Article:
Shumpty on tour: the trip review

Today dawns as the final day of my 12 day trip to the South Island of New Zealand which leaves me to reflect on this trip and to consider the good, the bad and the ugly from being on tour:

The Good

New Zealand in general

I just love this place so it is easy for me to say that as a travel experience New Zealand ticks all of the right boxes. Specifics to follow.

The food

As establish in earlier blogs, I love food but am no gourmet. That said the food I have experienced on this trip has been nothing short of excellent. From “the best meal of my life” at Saffron through to the simplest cheese toastie at the cafes of small towns like Milton and Roxborough, everything put in front of me on plate has been eaten with relish and joy.

The drives

I had never really considered New Zealand as a place to come for a driving holiday but two particular drives left me breathless and my palms more than a bit sweaty: Invercargill to Queenstown by the Southern Scenic Route and Queenstown to Wanaka over the Crown Range. The former gets the nod because of the sheer beauty of the scenery that invades your senses as you drive first through lush farming country and then along side Lake Wakapitu. The later is a windy, curving drive over the range which had me holding my breath in the mighty Yaris on more than one occasion.

The people

Aussies and Kiwis have had and will always have a love hate relationship. That point acknowledged, and this is something that also came through on my last trip to these shores, every person I met on the trip was always keen for chat, willing to help and always had a smile on their face. It is the people of New Zealand that will get me coming back again.

The bad

Camper van drivers

As regular readers will be aware a lot of time on this trip has been spent on the road. Which has meant a large amount of time has been spent behind Camper vans. Now I appreciate that the roads are narrow in points and a camper van is a heavy piece of machinery to drive but it must be said that the most worrisome moments I had whilst running the Yaris around NZ were when I encountered camper vans. Education program’s for their drivers are a must me thinks.

The ugly


The only really negative of my whole experience in New Zealand was seeing the plethora of hitchhikers waiting desperately for lifts on the side of the road. No doubt a large part of tourism in NZ is back packer based however it struck me that such a large number of young people begging for rides, particularly young ladies, is just a recipe for danger. Forgive me for getting on the pulpit on this it it was just something that bothered me every time I saw it and I was seeing it every day.

All in all though I have had one of the best holidays I have had on this trip. A measure of how good any holiday one has, I think, is how you feel on your last day of said holiday. I feel refreshed, relaxed and ready for home: which indicates for me that this has been a pretty good trip.

Thank you all for reading. I hope you have enjoyed this blog as much as I have enjoyed writing it.


Shumpty on tour: Invercargill to Queenstown

Another day of my New Zealand adventure beckoned when the alarm went off early this morning to reveal a clear but cold day. 2 degrees when I awoke and 4 degrees when the mighty Yaris cranked up to head to Queenstown turned into a day much like a Brisbane winter day: warm in the sun, bright blue sky and cold in the shade.

After bidding my excellent hosts at Beersheba farewell, an executive decision was made to go off the main highway and follow the Southern Scenic Route to Queenstown. Those who know me well will readily acknowledge that a risk taker I am not and I never take the road less travelled when an easier route presents. This time I am glad I went against my usual instinct because the drive to Queenstown today is the new highlight of the trip so far by panels.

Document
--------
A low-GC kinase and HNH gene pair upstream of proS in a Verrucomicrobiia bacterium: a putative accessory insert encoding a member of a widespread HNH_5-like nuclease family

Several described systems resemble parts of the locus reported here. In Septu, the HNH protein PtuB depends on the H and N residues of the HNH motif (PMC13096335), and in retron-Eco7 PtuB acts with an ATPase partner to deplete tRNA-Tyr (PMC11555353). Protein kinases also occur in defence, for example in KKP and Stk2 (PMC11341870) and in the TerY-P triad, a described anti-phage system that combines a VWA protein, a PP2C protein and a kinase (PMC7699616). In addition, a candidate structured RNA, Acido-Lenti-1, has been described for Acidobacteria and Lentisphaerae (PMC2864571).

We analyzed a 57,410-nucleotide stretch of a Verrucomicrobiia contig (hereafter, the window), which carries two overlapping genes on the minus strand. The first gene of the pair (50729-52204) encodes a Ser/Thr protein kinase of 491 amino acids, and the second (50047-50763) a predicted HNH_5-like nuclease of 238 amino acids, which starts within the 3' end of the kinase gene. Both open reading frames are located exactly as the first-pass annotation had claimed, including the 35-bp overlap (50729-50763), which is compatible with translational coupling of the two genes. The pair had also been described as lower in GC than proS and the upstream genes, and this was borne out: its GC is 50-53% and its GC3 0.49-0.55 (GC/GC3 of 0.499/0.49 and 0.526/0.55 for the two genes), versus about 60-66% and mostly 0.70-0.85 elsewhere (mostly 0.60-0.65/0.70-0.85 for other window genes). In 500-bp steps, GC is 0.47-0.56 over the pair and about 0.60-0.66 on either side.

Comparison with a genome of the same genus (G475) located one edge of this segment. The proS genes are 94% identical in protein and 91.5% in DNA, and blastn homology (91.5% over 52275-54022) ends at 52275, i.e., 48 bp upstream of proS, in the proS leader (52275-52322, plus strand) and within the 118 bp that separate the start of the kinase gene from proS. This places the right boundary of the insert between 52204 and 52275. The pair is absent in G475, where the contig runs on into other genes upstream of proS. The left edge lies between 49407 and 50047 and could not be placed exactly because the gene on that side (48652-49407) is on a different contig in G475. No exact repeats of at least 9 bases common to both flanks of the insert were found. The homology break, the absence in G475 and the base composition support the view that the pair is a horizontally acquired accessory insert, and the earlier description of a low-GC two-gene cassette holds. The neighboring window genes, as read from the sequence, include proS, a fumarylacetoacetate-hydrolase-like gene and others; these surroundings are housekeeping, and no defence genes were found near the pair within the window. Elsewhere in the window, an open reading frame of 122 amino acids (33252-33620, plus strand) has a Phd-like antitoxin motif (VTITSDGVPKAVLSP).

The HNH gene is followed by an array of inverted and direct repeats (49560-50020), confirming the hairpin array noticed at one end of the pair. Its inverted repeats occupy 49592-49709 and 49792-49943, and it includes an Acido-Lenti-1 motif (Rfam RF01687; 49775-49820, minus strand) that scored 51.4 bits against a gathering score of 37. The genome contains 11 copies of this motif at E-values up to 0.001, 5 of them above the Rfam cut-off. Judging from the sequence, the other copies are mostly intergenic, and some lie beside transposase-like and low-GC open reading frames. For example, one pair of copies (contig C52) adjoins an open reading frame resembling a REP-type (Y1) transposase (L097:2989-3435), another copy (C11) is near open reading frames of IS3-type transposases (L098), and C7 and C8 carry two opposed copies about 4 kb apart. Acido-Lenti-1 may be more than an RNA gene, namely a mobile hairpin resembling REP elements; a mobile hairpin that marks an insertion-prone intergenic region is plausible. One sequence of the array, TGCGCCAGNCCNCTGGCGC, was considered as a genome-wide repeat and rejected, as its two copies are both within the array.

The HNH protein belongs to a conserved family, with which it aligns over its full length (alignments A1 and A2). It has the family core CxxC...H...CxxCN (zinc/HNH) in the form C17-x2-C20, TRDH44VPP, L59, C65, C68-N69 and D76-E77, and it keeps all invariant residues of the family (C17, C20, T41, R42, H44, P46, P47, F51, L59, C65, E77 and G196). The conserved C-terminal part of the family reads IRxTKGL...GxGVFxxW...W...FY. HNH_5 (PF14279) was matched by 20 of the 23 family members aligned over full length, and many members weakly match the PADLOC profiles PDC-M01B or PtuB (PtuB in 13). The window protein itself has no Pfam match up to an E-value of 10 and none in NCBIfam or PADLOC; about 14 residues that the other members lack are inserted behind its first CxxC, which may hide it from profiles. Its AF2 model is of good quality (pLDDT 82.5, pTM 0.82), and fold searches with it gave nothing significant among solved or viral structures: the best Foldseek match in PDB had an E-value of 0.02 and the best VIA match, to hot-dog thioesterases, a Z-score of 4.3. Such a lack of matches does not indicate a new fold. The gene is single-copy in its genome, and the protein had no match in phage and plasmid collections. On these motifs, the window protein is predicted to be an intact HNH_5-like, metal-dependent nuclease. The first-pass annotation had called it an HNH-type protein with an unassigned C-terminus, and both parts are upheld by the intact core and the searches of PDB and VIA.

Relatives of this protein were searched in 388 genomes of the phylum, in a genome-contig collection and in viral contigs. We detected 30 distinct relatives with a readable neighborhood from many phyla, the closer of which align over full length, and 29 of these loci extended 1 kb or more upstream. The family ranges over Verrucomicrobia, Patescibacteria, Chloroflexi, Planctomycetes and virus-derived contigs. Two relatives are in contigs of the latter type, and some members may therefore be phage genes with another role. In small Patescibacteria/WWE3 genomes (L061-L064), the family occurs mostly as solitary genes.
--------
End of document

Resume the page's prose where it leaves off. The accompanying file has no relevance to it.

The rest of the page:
The first hour and half was filled with breath taking mountains on either side, small creeks to cross and the obligatory camper vans to pass. Lumsden was my pit stop spot and I enjoyed the fare at the local cafe immensely: equally the cafe was freezing inside and I was happy to get back in the Yaris and push on.

The last 45 minutes of the drive presented easily the most breathtaking scenery I have ever seen in a drive. Lake Wakatipu and the drive around it was just amazing. There are no other words. Whilst I had to concentrate on the road as it is windy and, due respect presumed, the camper van drivers were on struggle street at every turn in the road a new improved view presented itself. Nonetheless after a while I found it necessary to stop at one of the lookouts and spent some time taking all of the scenery in. Of course I took a heap of photos which I will publish soon (need to work out how to get pictures from memory card to iPad).

I have committed myself to going back along the road whilst I am here (Queenstown is my base of operations for the next six days) to spend some time taking it all in and to take some more pictures.

I am staying in this part of the trip at the Rees Hotel which is a very new hotel about 5 mins from the city centre of Queenstown. To say I am chuffed with my digs would be an understatement. I reckon there are about 10 people in the hotel, everything is new and the view is immense (twitter followers can check out the photo @shumpty77). Also, because the place is new, the staff are bending over backwards to be helpful which is good now but may become grating by the end of the week!

All in all I think the next six days are going to be wonderful and to say I like Queenstown would be an understatement. I have no set plans for each day yet but know I am heading to Arrowtown tomorrow to test out the renowned Saffron restaurant and have a bit of a look around.

Also today I was sad to learn of the passing of Jim Stynes. He was a great AFL player and his efforts after his retirement should be a road map for all retired sportsmen. He will be sorely missed by not only the AFL community but the broader community at large. RIP Jim.